Honey has been eaten by humans since time immemorial. The ancient Greeks believed it to be the food of Zeus, the king of Gods, and the twelve gods of Olympus: they called it ambrosia or nectar, the food of immortality.
In India too, honey is considered one of the five elixirs of immortality and used to ‘bathe’ deities in temples- Madhu Abhisheka.
Herbal honey is what humans have experimented with for centuries: it is honey infused with herbs and spices. There are some of those unenlightened individuals who shrug off the benefits of herbal honey.
Here is why we should discredit certain misconceptions:
#Myth 1: Herbal honey is mumbo-jumbo: it has no basis in medicine.
Nothing could be further from the truth than this. Ayurveda firmly believes in the therapeutic use of honey blended with certain herbs and spices.
Honey mixed with ginger juice is advised for coughs. Honey mixed with carrot juice is recommended for good eyesight. Honey infused with garlic juice is beneficial to high blood pressure. The list is long.
Ayurveda believes in holistic health, and many consider it to be a harmonious form of treating chronic ailments like constipation, arthritis, etc. by balancing the various elements of the body.
#Myth 2: Herbal honey is just sugar with some flavour added to it.
Honey contains the sugars fructose and glucose, no doubt. That’s the reason for its sweetness. But it also contains vitamins like vitamin B6, niacin, thiamine, riboflavin. The minerals present in honey are magnesium, potassium, phosphorous, sodium and zinc. All these are essential for the proper functioning of the human body.
When medicinal herbs like rosemary or thyme (ajwain) are added, they add their therapeutic properties to those of honey. Rosemary, for instance, is extremely good for relieving pain and inflammation as well as being a good de-toxicant. Thyme infused honey is recommended for coughs and digestion; it serves as a good diuretic too. Sage honey is more effective as a cough syrup than many over-the-counter brands.
#Myth 3: Herbal honey spoils easily, so it’s better avoided
Herbal honey does not spoil if made in the right way by experts who know how. Here are a few points to ponder:
- If raw honey is being infused, your source of honey needs to be a safe one, or you will land up with bacterial infections.
- Drying the herbs before infusing is safer than using raw ones which have their moisture content intact.
- Some kinds of herbal honey are made by heating the honey and ‘stewing’ the herbs in it; some swear by infusing dried herbs and exposing to the sun.
- Bottling herbal honey should be done with care after sterilising and completely drying the bottles.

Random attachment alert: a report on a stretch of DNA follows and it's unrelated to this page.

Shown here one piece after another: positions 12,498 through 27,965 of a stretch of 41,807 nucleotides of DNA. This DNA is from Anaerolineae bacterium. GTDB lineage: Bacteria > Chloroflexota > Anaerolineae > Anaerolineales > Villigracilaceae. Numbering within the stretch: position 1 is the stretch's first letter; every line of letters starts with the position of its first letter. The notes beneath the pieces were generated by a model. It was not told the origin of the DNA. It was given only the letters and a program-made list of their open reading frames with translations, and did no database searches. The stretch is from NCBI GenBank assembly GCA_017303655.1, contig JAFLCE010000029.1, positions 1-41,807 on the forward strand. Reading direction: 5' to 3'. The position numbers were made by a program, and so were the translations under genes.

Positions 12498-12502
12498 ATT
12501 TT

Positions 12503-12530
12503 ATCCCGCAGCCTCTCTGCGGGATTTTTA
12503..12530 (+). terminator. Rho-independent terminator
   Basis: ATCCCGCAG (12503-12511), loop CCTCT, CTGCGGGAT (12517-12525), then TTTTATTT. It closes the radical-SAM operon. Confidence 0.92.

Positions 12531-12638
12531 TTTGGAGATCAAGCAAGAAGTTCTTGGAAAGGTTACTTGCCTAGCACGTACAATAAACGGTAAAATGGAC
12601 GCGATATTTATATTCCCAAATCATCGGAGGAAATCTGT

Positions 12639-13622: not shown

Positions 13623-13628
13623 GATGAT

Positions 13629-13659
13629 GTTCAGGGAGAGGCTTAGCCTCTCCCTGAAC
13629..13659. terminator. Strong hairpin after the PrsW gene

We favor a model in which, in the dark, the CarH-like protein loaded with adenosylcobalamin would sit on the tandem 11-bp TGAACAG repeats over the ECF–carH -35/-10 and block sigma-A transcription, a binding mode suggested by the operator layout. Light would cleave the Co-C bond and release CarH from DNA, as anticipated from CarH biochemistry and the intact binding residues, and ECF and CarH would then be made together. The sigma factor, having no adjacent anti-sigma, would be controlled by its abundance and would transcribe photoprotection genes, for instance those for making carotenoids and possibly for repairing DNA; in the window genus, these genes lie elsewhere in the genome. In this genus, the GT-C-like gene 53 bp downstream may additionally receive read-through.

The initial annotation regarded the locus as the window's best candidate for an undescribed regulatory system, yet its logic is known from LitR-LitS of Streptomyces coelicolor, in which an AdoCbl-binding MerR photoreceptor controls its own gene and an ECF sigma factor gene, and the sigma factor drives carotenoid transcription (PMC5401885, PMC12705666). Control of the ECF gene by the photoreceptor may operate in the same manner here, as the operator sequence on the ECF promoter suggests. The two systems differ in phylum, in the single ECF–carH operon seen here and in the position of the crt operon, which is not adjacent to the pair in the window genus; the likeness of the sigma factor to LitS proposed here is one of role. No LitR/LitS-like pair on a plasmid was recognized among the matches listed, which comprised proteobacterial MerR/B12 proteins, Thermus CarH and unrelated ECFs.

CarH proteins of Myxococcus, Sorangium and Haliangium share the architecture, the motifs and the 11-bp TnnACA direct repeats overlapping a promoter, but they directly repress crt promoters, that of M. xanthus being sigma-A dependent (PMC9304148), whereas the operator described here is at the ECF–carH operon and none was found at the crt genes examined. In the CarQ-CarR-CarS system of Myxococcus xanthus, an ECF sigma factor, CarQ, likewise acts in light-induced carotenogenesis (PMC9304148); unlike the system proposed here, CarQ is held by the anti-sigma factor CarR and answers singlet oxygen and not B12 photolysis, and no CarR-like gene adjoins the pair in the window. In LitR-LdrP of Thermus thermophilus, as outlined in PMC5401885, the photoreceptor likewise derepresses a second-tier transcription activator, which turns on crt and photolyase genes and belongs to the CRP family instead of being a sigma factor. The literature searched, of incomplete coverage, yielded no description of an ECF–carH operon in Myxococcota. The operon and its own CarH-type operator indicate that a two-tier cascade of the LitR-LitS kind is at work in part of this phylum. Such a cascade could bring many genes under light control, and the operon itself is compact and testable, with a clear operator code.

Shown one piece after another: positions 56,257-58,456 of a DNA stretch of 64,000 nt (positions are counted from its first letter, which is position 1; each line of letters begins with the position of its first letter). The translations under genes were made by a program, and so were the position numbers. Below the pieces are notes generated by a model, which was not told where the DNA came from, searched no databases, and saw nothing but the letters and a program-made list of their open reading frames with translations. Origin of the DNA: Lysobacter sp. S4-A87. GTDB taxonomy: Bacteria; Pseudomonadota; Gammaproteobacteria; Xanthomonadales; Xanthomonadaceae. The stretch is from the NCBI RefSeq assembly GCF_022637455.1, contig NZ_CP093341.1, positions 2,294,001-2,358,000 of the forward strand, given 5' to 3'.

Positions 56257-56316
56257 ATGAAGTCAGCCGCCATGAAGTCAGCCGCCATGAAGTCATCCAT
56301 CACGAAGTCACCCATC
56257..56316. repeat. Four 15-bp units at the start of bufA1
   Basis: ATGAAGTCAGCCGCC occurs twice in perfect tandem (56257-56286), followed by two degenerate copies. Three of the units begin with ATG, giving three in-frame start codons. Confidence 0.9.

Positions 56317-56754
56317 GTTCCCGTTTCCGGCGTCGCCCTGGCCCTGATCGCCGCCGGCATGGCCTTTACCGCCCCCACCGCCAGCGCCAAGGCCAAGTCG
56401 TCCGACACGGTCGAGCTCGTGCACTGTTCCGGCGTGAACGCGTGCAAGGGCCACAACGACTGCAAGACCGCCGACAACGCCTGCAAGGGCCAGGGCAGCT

How much to heat? How long to expose to sunlight? Leave the making of herbal honey to the experts.
#Myth 4: Herbal honey is not good for diabetics
Diabetes is NOT about controlling sugar intake: it is about controlling calories consumed. Pure honey is a MUCH better choice not only than sugar but also artificial sweeteners as it has a lower glycemic index. Herbal honey infused with dry methi (fenugreek) leaves or powder requires much lower levels of insulin to metabolise.
#Myth 5: Herbal honey is a botulism risk
Botulism isn’t something exclusive to honey or herbal honey. It is food poisoning caused by a kind of bacterium in improperly sterilised canned meats and other preserved products. Current medical advice prescribes that honey is best avoided in infants less than 12 months of age– as a precaution. Botulism from herbal honey is not an adult risk.
#Myth 6: Herbal honey is all about taste and flavour
Of course, it is! How soothing is a hot cup of tea infused with the smell of lemon honey!
Hot summers are time for cool drinks. Honey infused with mint is a great cooler: you can add it to watermelon juice, or try ginger infused honey added to lemon juice.
Do the taste and flavour just stop at the tongue? No, the ‘good and happy’ feeling is because herbal honey is a good mood elevator. It cools the body and calms the mind.
# Myth 7: Herbal honey is a good sugar replacement in baking.
Honey, herbal or otherwise, has no value for health when heated above 60°C. In fact, the ayurvedic belief is that eating heated honey increases mucus formation.
#Myth 8: Herbal honey should be made ONLY from local raw honey
This is a myth propagated by do-it-yourself hardliners who will start the process by rearing the bees! It is not practical and not even necessary. A good brand which sources its honey AND herbs from safe and organic produce will ensure that you receive all the benefits that herbal honey can gift you.
#Myth 9: Pregnant women should avoid eating raw herbal honey
Pregnant women should feel free to enjoy this health food. Botulism is rarely an adult concern and certainly not from herbal honey. Any botulism spores will be destroyed in the mother’s digestive system by adult enzymes: there is no chance at all of their crossing the placental barrier.
#Myth 10: Herbal honey cannot really induce sleep
Honey is mainly made up of fructose and glucose. These are reduced sugars that can be quickly absorbed by the blood and are essential nutrients for neurons and our nervous systems. Herbal honey infused with herbs like catnip, passionflower, and lemon balm, mixed in hot tea or milk or even warm water, is a great soporific. Sweet dreams!
Herbal honey should be everyone’s cup of tea! Add it to tea (of course!), on top of yogurt or ice cream, on toast, fruit, breakfast cereal, or just take a spoonful on its own. Organic herbal honey is absolutely chemical free with all the goodness of nature.
Good health, good taste, and good mood: those are the three gifts that you will receive.
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